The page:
Most sceptics of lockdown and restrictive policies designed to “curb” the onset of COVID-19 approach the matter from a utilitarian or technocractic angle – i.e. whether the measures that states are pursuing are an effective and/or proportionate response to the spread of the virus. While this is an invaluable exercise, it does not challenge the principle that the state has the prerogative to obliterate rights and freedoms in the manner that it has. In other words, the notion that, ultimately, our rights could be infringed on a future occasion when someone deems that it is “effective” and “proportionate” to do so is left untouched. Equally intact, therefore, is the notion that our rights are not immovably tied to our status as individual human beings, but are little more than privileges enjoyed at the sufferance of the state. This is not to imply that the principle of liberty has been ignored – former Supreme Court Justice Lord Sumption has been a notable high profile critic of the government in this regard. But the general opposition to lockdowns and other restrictions seems to assume that their only problem is that COVID-19 is simply not a big enough crisis to justify the present level of state intrusion. Thus, there is still a need to emphasise the fact that our rights exist not only in fair weather but in storms and hurricanes also – in fact, it is precisely in exceptional circumstances when rights need the most protection for it is always on these occasions that the state exploits fear and anxiety of unknown dangers so as to achieve greater incursions upon our liberty. Continue reading →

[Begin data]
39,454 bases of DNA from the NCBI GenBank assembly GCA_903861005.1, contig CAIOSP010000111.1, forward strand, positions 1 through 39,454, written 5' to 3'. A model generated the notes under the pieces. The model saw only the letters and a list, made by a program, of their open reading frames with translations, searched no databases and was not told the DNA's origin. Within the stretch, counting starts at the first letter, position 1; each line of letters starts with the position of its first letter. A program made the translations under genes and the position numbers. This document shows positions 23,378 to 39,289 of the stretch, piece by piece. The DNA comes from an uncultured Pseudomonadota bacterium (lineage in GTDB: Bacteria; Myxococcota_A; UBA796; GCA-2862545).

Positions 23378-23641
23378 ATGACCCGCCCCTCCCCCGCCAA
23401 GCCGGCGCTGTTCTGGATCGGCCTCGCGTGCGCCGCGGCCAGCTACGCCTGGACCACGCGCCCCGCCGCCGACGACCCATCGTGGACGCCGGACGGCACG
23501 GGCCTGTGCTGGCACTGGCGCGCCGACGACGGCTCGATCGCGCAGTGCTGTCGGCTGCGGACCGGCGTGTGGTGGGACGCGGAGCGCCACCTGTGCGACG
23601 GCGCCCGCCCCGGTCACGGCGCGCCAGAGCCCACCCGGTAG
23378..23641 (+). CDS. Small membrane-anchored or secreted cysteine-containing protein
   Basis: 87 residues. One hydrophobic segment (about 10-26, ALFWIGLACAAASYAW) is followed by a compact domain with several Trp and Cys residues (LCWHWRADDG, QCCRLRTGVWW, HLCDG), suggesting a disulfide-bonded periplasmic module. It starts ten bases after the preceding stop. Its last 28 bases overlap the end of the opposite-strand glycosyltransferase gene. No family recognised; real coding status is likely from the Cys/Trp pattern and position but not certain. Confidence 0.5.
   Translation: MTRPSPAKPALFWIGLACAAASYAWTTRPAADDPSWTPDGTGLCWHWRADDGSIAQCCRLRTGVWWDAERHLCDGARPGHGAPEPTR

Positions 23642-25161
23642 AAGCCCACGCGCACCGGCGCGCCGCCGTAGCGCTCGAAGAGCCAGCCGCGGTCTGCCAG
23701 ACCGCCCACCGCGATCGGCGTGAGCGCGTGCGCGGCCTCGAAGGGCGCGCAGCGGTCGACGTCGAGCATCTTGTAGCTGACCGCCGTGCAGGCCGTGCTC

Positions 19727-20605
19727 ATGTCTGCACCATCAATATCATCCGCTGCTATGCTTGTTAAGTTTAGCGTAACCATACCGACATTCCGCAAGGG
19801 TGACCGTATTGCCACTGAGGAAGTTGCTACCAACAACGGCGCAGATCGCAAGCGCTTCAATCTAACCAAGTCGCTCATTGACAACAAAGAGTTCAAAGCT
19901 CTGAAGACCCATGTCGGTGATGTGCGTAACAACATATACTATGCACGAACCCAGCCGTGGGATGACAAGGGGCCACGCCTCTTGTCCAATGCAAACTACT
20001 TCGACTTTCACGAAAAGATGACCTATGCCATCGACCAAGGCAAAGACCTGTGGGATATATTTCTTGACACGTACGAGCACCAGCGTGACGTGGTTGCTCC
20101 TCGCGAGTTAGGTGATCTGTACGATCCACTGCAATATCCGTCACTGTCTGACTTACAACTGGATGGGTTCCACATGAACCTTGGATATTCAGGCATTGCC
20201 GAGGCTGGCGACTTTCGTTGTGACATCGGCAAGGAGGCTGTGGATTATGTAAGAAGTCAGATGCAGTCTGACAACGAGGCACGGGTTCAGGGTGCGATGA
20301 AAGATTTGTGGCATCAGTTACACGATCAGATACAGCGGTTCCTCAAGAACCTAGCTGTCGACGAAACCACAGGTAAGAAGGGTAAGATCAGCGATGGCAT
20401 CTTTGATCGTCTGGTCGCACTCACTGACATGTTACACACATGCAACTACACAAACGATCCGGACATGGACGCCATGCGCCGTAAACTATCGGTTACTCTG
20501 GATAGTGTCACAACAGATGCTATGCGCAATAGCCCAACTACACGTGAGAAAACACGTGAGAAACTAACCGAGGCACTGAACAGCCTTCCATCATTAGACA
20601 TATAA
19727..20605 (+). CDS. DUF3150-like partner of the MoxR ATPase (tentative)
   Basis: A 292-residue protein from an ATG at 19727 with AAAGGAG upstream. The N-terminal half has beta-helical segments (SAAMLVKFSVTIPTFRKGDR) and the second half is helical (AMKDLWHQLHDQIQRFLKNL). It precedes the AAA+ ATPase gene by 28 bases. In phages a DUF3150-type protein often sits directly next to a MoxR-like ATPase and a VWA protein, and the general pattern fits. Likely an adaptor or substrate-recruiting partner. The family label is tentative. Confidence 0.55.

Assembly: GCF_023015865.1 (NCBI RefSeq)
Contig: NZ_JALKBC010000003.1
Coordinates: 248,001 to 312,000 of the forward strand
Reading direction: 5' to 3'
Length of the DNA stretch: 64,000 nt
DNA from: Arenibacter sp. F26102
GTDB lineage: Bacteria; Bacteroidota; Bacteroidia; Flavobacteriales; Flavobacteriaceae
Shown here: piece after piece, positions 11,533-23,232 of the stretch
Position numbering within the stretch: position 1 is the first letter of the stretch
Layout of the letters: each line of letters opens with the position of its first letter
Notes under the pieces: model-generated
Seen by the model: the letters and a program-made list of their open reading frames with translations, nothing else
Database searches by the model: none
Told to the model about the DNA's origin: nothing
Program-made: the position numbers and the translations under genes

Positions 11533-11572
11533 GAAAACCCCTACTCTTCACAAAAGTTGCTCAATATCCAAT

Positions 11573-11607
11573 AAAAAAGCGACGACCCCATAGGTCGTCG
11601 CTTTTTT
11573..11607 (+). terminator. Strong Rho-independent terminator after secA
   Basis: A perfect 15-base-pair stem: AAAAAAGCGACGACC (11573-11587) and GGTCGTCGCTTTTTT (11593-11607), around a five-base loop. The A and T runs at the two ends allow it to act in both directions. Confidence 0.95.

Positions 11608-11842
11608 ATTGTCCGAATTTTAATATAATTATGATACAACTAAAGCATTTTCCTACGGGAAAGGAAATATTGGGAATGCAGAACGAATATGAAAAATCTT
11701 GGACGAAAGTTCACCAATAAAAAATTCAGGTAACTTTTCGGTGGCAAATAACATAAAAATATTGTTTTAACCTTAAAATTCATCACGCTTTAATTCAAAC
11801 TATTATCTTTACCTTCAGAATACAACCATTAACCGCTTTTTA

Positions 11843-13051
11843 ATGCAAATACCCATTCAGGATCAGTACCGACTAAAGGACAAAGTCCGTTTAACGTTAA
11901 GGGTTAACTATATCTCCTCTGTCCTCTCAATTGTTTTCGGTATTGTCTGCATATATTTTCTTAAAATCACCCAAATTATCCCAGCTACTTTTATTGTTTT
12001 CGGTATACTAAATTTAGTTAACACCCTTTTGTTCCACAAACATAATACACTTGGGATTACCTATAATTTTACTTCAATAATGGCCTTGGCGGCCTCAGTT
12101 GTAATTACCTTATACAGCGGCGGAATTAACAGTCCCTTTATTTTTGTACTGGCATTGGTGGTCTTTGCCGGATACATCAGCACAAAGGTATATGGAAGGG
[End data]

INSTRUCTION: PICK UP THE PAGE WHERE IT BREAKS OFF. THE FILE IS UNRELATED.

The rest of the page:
In this article I’ll compare the history to date of the COVID-19 epidemic in fourteen European countries, including the UK. I chose the countries with an aim of making them representative of Western Europe as a whole. I excluded island countries other than the UK and Ireland; and I excluded very small countries such as San Marino, Andorra, Liechtenstein and Monaco. Here are the countries I picked, in alphabetical order:
In hindsight, I might perhaps have added Norway as well; but fourteen should be enough.
The COVID data I used came from Our World in Data at https://ourworldindata.org/coronavirus-data, and runs up to October 31st. But many of the graphs I show will stop short of that date. For example, any graph which requires (centred) weekly averages in its calculation cannot go further than October 28th, because to calculate the centred weekly average for October 29th would require data for November 1st.